It takes some seconds until Zookeeper is up and running. You should see the following text on the shell as Zookeeper output:

INFO Using checkIntervalMs=60000 maxPerMinute=10000 (org.apache.zookeeper.server.ContainerManager)

INFO Creating new log file: log.9a (org.apache.zookeeper.server.persistence.FileTxnLog)

Note. The last line might only show up the first time you start Zookeeper.

With Zookeeper up and running, we can start now the Kafka server:

  1. Open a new (!) command shell
  2. Change to the Kafka bin directory for Windows cd kafka_2.13-2.4.0\bin\windows
  3. Start the Kafka broker kafka-server-start.bat ..\..\config\server.properties

Now we just have to be sure that the server actually started. We should see the following last line in the command shell:

INFO [GroupMetadataManager brokerId=0] Removed 0 expired offsets in 0 milliseconds. (kafka.coordinator.group.GroupMetadataManager)

1.6 Sending a Hello Kafka World Message

In order to be able to send our first message or event using Kafka, we need a topic to which consumers can subscribe to and receive messages that producers send for this topic.

We open a new command shell in windows and run the following commands:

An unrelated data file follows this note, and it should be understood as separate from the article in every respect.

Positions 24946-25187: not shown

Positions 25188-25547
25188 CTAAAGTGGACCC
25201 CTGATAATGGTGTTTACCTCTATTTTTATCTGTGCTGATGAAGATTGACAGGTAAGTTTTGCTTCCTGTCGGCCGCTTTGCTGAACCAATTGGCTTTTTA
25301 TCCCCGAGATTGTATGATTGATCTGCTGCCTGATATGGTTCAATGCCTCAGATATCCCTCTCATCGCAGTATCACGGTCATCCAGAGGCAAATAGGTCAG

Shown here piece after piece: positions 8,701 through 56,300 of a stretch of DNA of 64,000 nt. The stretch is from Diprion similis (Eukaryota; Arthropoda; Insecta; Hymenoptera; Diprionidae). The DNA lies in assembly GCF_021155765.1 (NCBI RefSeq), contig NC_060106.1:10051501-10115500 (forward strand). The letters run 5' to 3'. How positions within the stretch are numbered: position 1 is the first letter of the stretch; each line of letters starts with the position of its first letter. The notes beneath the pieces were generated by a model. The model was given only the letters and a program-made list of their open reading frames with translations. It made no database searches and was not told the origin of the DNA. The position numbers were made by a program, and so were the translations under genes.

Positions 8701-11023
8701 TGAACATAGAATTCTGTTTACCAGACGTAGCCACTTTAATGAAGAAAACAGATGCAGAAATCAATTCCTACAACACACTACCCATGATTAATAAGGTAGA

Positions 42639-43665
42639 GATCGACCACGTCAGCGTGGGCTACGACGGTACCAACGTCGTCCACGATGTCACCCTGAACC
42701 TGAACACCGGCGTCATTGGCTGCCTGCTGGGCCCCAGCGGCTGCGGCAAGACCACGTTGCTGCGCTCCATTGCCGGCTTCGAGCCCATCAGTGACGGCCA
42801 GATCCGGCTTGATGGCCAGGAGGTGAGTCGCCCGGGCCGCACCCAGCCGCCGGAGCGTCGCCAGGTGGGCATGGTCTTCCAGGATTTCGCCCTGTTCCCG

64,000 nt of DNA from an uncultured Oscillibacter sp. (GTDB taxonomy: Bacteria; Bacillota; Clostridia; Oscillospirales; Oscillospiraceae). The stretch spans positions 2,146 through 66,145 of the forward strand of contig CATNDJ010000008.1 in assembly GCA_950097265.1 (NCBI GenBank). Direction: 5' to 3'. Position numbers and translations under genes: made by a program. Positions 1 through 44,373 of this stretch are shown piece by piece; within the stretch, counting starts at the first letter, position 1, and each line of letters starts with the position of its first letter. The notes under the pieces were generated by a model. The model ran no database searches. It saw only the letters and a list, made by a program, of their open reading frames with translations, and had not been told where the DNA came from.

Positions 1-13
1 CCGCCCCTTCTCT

cd kafka_2.13-2.4.0\bin\windows

kafka-topics.bat --create --zookeeper localhost:2181 --replication-factor 1 --partitions 1 --topic myFirstChannel

In the same command shell, we start now a consumer service:

kafka-console-consumer.bat --bootstrap-server localhost:9092 --topic myFirstChannel --from-beginning

The consumer is now ready and waits for a message or event. In order to send a message, we need a producer. Thus, we open another new command shell, the fourth one, and start a simple producer process:

cd kafka_2.13-2.4.0\bin\windows

kafka-console-producer.bat --broker-list localhost:9092 --topic myFirstChannel

We now type in “Hello Kafka World!”. Once we hit the return button, we can see the message as well in the consumer window. We have a simple, running Kafka installation and send and received a simple message. We are done with section 1 of the tutorial: First Steps.

It is time to clean up before we begin with part 2 of the tutorial:

  • Keep the Zookeeper and Kafka server command shell windows and keep the processes running.
  • Stop the consumer and the producer applications and close the command shells.

Click here to continue with the next part of the tutorial.